The Cradle-to-Cradle Alternative By William McDonough & Michael Braungart, ©2003 from State of the World 2004 (Worldwatch / W.W. Norton, 2004) Imagine a world in which all the things we make, use, and consume provide nutrition for nature and industry—a world in which growth is good and human activity generates a delightful, restorative ecological footprint. While this may seem like heresy to many in the world of sustainable development, the destructive qualities of today’s cradle-to-grave industrial system can be seen as the result of a fundamental design problem, not the inevitable outcome of consumption and economic activity. This new conception of design—known as cradle-to-cradle design—goes beyond retrofitting industrial systems to reduce their harm. Cradle-to-cradle design, on the other hand, offers a framework in which the effective, regenerative cycles of nature provide models for wholly positive human designs. Over the past decade, the cradle-to-cradle framework has evolved steadily from theory to practice.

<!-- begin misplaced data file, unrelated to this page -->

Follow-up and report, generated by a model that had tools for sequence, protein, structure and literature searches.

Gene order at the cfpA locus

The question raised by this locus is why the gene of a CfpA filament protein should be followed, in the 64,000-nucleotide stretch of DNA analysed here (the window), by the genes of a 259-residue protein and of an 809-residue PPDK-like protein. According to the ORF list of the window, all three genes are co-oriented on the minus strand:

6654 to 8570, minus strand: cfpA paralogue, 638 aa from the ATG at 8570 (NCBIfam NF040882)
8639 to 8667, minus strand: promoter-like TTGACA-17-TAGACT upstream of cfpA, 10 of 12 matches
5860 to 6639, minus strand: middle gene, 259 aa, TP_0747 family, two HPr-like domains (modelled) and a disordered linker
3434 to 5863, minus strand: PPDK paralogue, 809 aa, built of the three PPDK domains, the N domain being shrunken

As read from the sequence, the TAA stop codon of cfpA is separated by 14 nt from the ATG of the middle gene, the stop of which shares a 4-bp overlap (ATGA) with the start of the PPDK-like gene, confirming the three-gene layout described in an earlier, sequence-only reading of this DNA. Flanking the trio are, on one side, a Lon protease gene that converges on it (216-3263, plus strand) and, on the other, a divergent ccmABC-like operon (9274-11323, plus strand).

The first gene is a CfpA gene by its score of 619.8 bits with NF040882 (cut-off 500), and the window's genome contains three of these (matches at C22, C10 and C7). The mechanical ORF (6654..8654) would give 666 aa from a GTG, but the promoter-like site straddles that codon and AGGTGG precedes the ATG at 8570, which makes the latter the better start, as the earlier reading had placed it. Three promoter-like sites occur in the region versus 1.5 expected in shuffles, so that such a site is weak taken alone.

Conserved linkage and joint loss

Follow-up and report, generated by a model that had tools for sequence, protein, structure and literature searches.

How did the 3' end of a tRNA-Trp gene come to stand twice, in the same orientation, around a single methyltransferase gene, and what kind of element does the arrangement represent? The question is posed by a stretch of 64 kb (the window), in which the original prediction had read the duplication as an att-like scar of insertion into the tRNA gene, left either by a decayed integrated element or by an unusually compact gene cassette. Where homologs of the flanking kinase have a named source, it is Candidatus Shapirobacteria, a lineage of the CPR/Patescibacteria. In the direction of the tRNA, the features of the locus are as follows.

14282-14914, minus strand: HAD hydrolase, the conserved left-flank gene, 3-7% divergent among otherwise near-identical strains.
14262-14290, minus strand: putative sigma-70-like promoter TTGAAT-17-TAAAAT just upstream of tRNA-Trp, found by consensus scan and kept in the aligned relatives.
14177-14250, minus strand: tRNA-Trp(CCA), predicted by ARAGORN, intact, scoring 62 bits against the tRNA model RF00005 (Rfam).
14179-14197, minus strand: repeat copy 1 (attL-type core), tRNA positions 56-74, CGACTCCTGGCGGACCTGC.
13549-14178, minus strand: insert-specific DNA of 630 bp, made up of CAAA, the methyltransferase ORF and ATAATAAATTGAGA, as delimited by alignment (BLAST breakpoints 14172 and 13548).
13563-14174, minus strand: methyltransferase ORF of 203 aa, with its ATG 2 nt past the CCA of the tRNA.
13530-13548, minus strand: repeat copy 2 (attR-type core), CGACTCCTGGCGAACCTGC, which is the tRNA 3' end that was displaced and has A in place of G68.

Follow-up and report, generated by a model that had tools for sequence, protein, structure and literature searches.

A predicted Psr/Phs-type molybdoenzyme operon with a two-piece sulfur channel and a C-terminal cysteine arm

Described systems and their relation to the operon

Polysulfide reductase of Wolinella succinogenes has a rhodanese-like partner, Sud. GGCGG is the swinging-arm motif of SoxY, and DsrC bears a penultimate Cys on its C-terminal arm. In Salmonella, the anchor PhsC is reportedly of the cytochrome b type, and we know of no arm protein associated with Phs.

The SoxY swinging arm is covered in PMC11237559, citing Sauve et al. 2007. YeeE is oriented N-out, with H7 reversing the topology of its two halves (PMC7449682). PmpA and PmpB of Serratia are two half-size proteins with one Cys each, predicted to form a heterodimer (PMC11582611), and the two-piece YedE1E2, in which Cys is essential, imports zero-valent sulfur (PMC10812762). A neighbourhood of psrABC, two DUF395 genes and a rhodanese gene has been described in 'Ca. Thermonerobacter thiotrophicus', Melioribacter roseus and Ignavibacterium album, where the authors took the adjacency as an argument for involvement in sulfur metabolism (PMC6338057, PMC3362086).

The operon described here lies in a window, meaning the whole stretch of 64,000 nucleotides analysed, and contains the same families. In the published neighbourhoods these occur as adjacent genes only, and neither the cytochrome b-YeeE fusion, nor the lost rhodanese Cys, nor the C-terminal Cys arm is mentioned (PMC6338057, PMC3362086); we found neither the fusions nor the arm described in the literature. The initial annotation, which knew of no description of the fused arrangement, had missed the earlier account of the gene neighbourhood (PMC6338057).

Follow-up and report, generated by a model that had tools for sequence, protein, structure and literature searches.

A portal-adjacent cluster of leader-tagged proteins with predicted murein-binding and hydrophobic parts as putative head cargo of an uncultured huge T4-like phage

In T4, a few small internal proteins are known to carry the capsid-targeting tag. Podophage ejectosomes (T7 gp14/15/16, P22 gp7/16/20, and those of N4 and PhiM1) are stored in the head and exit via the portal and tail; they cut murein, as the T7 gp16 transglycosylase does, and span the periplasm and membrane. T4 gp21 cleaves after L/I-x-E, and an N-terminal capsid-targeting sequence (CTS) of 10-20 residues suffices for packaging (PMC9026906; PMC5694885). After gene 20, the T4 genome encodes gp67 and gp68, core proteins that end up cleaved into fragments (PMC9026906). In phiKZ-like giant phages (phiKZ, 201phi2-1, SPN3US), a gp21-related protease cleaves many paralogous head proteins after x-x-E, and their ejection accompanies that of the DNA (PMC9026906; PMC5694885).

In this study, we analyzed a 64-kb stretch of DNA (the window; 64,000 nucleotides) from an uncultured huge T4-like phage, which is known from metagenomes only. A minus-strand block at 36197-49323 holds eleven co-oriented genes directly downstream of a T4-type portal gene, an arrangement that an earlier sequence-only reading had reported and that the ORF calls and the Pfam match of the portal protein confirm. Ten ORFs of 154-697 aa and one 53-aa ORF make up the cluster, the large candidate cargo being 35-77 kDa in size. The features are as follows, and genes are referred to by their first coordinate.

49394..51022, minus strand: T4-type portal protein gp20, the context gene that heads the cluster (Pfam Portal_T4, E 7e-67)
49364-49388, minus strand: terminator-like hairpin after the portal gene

Environmental Ethics 1. Introduction: The Challenge of Environmental Ethics Suppose putting out natural fires, culling feral animals or destroying some individual members of overpopulated indigenous species is necessary for the protection of the integrity of a certain ecosystem. Will these actions be morally permissible or even required? Is it morally acceptable for farmers in non-industrial countries to practise slash and burn techniques to clear areas for agriculture? In the literature on environmental ethics the distinction between instrumental value and intrinsic value (in the sense of “non-instrumental value”) has been of considerable importance. When environmental ethics emerged as a new sub-discipline of philosophy in the early 1970s, it did so by posing a challenge to traditional anthropocentrism. 2. Although nature was the focus of much nineteenth and twentieth century philosophy, contemporary environmental ethics only emerged as an academic discipline in the 1970s. 3. 3.1 Deep Ecology 4. 5. 6.